Stayed tuned for more info on iptables, vmware scripts, etc as I write and implement them. I probably will not get this done today as I am still waiting for CentOS to download.

Thursday, July 9, 2009

IP Subnets

A buddy of mine sent me an IM today asking for some help with a project. Specifically, he is working with an ISP and needed to write some code to determine all of the IP's in a CIDR subnet based on the network and broadcast addresses, which are stored in a SQL database as long's (using the php function ip2long for conversion).

After doing a little bit of research, the long values are simply the concatenation of the four 8-bit binary numbers then casted into one giant long value. This makes life simple, because concurrent IP's will also be concurrent in the long format. Not only are they concurrent, but they are sequential, so you can find out if an IP is in the network with simple conditional logic:

If( $networkaddr <= $ipaddr <= $broadcastaddr )

Because the database is storing all of these values as longs, the SQL query can be constructed with the simple conditional logic, with no additional logic. After figuring it all out, everything is pretty simple. The network address is going to be the lowest IP in the subnet and the broadcast is going to be the highest value in the subnet. Combine this with the relationship properties the converted IP's have when they are long values and its a pretty simple way to deal with things, just not intuitive.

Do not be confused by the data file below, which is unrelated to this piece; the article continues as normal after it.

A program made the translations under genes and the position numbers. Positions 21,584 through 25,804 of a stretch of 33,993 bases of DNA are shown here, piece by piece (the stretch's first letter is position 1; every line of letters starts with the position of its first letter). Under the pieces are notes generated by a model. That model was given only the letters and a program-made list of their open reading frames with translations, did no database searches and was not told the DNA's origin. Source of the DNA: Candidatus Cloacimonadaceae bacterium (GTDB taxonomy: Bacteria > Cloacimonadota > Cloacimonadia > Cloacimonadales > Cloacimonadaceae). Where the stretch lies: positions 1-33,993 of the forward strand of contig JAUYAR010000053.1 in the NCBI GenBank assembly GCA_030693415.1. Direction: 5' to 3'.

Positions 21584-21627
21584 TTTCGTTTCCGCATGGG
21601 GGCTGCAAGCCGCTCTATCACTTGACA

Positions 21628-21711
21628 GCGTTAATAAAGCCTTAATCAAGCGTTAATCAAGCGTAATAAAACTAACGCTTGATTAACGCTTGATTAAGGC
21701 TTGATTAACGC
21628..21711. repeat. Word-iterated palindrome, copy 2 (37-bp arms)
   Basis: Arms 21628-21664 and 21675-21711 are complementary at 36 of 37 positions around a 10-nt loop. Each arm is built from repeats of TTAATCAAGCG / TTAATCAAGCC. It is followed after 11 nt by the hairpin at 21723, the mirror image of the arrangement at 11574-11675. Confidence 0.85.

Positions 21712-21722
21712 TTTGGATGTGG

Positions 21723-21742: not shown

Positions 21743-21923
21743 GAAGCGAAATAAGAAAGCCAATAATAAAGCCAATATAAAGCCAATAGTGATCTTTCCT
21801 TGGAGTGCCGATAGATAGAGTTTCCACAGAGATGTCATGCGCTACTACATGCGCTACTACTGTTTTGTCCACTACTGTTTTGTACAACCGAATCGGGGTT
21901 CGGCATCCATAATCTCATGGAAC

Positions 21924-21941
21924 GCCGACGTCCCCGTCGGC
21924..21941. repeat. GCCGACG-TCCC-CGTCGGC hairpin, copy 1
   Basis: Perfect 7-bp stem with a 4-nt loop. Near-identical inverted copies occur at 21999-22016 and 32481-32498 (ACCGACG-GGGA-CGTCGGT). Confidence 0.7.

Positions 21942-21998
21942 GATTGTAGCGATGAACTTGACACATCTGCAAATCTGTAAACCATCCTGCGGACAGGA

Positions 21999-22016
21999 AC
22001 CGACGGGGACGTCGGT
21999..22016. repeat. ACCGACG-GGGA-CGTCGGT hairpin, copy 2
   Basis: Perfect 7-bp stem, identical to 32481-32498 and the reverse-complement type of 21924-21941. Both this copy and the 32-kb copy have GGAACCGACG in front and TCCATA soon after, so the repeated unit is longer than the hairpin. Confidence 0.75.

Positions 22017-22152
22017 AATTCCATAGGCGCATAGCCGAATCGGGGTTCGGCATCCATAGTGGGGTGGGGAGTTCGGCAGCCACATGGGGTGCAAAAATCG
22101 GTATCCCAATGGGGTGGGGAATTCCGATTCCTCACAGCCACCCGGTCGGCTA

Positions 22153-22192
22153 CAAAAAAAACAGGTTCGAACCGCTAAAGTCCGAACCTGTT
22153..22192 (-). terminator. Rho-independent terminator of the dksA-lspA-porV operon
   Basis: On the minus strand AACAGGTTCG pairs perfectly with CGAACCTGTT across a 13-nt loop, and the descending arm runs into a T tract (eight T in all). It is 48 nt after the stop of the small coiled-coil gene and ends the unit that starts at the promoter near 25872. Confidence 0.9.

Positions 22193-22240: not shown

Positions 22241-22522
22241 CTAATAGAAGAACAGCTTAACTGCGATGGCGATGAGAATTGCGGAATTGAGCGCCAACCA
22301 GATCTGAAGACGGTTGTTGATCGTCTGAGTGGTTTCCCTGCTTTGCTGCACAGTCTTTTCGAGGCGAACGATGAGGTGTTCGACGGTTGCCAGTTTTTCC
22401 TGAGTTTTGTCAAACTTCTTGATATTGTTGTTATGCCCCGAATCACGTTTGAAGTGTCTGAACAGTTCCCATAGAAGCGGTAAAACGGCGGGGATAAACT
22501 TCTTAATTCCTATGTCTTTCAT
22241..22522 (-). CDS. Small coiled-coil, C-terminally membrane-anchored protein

Encrypted Filesystems

I am doing work on a project and the client has a requirement that all data, including documentation, config data, and anything else related to the project be stored on an encrypted filesystem. We are going to be using a Microsoft Project Server 2007 with project web access and webdav for document libraries. So, I need to figure out how to encrypt the data stored in the SQL Server 2005, and all the other places.

The easiest way to architect this solution was to simply install the whole standalone project server as a virtual machine and have the virtual machine files reside on an encrypted filesystem.

So, step 1, install a box with an encrypted volume. I am going to use my current OS of choice, Ubuntu Server 8.04.1. I found a great reference article using the Google debugger to use as a guide, see My implementation is going to vary slightly, but this is the document I am using as my reference.